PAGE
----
Before we get into Neck Guy, aka Wideneck, who all-but introduces himself, there’s the matter of the blurring in this video. Since I have brought up similar blurring in the past, I have a decent sense of how this goes: I explain why I believe the blurring is unlawful, and then a bunch of people try to explain to me why they think the agency is doing it (officer safety), ignoring the reality that it makes no difference. Things don’t magically become lawful in response to public policy arguments. If the police can’t legally do something, and they want to do that thing, there is a way to make that happen: through the legislature. Not by having the police ignore or violate the law.
Florida’s Public Records Law provides everyone with a right to access public records, and it defines that term expansively. Entities subject to the Public Records Law are not allowed to withhold records because they want to or because they think it’s for the best. The only acceptable reason for withholding records or information within records, is that the record or information is exempt or confidential by law.
One of the Public Records Law’s many exemptions is found in 119.071(4)(d)2.a., F.S.. Specifically, the exemption for “home addresses, telephone numbers, dates of birth, and photographs” of certain law enforcement officers. A minority of law enforcement agencies in the State of Florida argue that a video is just a series of photographs in rapid succession, therefore the exemption for photographs applies to videos. In a particularly memorable email to me, the City of Ormond Beach once characterized body camera footage as “photographic video evidence” — so they could then redact the face of the police officer they had arrested, in the video that I had asked for. And charge a couple hundred dollars for the privilege.
I think those agencies are wrong.
First, the plain language of the law is unambiguous. The word “video” appears hundreds of times throughout the Florida Statutes, sometimes in the same sentence as the word “photograph.” The legislature obviously knew the word video. They did not use it. But they did define the term “body camera.” According to 119.071(2)(l)1.a, F.S., a body camera is “a portable electronic recording device that is worn on a law enforcement officer’s body and that records audio and video data in the course of the officer performing his or her official duties and responsibilities.” Catch that? “Video data.” Not “photographs,” “series of photographs,” or even “photographic videos.”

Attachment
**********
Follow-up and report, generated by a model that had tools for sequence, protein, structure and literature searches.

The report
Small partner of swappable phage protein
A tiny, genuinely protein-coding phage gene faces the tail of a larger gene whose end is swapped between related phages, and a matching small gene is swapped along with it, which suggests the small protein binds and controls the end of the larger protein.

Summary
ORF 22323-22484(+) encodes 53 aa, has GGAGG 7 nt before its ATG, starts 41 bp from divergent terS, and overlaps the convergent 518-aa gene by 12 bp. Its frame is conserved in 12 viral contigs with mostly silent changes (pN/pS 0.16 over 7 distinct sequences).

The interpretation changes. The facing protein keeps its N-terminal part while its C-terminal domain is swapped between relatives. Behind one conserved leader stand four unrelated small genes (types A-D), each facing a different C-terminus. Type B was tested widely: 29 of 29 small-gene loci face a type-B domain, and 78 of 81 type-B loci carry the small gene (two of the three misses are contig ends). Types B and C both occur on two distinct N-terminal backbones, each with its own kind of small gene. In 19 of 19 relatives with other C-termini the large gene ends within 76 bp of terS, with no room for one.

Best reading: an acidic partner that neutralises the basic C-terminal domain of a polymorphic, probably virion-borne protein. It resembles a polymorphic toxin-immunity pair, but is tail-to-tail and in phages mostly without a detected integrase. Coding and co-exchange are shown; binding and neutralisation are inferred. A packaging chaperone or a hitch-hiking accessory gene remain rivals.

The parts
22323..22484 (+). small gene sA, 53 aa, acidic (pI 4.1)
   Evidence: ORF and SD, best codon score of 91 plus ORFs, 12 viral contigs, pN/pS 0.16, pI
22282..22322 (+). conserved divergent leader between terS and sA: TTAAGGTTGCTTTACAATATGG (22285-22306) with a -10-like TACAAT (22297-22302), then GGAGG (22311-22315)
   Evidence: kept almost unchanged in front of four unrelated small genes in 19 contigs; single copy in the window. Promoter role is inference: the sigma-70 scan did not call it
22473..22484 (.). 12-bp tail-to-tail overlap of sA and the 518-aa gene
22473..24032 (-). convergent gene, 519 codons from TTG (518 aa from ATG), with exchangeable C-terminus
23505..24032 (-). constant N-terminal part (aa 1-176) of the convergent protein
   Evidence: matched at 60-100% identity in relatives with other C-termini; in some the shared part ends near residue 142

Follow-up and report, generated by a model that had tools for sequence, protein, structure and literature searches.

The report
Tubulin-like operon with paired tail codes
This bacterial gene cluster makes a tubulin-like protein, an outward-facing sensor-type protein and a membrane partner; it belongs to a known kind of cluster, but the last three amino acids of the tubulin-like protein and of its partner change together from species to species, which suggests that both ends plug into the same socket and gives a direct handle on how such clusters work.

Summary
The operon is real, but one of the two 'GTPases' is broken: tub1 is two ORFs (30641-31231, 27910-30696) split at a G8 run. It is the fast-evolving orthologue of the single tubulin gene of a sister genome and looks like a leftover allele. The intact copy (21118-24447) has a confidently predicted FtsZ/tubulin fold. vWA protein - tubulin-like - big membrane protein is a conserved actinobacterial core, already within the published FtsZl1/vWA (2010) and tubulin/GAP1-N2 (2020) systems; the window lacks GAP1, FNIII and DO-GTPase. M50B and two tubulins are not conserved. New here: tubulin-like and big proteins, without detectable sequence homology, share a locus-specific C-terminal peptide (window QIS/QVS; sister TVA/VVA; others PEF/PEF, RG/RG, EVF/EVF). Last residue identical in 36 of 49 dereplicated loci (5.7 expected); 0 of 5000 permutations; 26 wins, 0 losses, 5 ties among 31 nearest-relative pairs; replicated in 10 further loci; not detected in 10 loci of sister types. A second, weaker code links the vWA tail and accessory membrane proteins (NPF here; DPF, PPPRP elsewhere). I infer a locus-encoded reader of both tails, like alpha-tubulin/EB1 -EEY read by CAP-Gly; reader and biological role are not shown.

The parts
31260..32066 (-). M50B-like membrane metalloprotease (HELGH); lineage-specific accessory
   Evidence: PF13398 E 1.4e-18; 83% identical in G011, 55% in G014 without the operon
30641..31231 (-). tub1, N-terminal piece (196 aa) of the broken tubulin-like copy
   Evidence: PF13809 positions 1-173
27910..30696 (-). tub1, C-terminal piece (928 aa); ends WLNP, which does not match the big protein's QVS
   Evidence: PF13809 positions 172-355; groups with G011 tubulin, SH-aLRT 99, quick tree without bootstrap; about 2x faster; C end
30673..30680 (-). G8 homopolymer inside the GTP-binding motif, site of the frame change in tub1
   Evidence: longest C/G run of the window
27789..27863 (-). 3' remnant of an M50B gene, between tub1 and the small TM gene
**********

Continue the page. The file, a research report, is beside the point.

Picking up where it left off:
According to the United States Supreme Court “…the starting point for interpreting a statute is the language of the statute itself. Absent a clearly expressed legislative intention to the contrary, that language must ordinarily be regarded as conclusive.:” The legislature could have exempted video. They didn’t.
That’s not all. One of the canons of statutory construction — the rules that tell you how to interpret the rules — states that an express mention of a subject, object, or idea is the exclusion of other subjects, objects, or ideas. When a statute contains a list of specific contexts where it applies, the inference is that it doesn’t apply in other contexts. The legislature did not exempt video to its exclusion.
So. Neck guy.
For a while, I had wondered whether the rapper 9lokkNine had the longest rap sheet of anyone in Florida. Today, I can definitively say “Not even close.” Neck Guy, whose real name is Charles Dion McDowell? His rap sheet can eat 9lokkNine’s for breakfast.
Jacquavius ‘9lokkNine’ Smith’s rap sheet clocks in at an impressive 43 pages.
Charles Neck Guy McDowell’s rap sheet dwarfs it: an epic 65 pages.
Given the astonishing number of contacts Mr. McDowell has had with law enforcement, most of which were with Escambia County Sheriff’s Office, it might come as a surprise to learn that the Sheriff’s Office has relatively few videos of their contacts with Mr. McDowell. Shown here are portions of all of them.
Sixty-five page rap sheet. Wow.
22:04 2017 (#1)
39:00 Sadneck 🙁
40:28 2017 (#2)